That’s my next question. Collaborative communal studio spaces. Do you believe that formula can work?

Not only do I believe it can work I think it’s actually quite critical. Because artists, in their very nature, are solitary people. We spend huge amounts of time in deep solitude often. It is nice to come out of that time and actually sit down and have a coffee or have lunch, or, you know, just go and be with a group of people that are on your wavelength. Like any business I suppose, we are actually technically all businesses and we will get to, to just, you know, work.

Do you believe that London has an impact on your art?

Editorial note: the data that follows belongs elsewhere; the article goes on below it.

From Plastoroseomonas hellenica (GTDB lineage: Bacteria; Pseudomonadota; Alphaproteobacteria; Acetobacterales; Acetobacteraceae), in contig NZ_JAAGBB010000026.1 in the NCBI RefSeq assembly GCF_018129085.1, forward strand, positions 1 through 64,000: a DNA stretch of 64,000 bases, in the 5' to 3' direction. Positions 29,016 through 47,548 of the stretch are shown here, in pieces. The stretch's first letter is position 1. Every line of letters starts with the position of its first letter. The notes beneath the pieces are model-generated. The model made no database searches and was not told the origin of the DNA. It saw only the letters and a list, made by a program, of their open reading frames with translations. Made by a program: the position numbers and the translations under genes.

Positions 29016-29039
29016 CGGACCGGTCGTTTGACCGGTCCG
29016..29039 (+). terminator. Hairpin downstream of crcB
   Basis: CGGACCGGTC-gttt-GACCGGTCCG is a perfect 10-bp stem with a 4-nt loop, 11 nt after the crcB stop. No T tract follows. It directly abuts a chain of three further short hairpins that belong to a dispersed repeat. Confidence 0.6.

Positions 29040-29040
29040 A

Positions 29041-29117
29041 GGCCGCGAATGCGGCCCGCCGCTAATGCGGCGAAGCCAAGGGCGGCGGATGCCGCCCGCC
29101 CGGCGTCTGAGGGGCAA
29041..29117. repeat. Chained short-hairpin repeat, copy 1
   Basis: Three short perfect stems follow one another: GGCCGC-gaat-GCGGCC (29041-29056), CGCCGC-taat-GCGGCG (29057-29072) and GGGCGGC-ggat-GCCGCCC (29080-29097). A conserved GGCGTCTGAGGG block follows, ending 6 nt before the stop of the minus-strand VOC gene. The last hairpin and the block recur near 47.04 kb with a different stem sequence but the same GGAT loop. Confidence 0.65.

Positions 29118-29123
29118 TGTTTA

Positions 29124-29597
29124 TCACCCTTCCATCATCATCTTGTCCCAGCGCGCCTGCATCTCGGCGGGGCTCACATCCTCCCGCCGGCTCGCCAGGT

I think for me, yes. I always think that, being one of the main cities, London for me feels like the centre of the art world. Everything here is accessible, the galleries, the people, the culture. I think to be a successful artist, you have to go out, you have to network, you have to go to private views. You have to support your fellow artists and their shows. A lot more of that happens, somewhat intensively in London. It would be sad if lots of studio space was lost because obviously, artists from further afield can’t make it in and can’t be part of this huge constant conversation and the dialogue that you’re having with the buyers, gallerists, and with other artists. That conversation is important to everyone’s work.

Would you consider moving outside of the city?

Yes, at some point, but I think because I’m pretty new and at the start of my artistic career, believe it or not, I just couldn’t do what I do outside of London.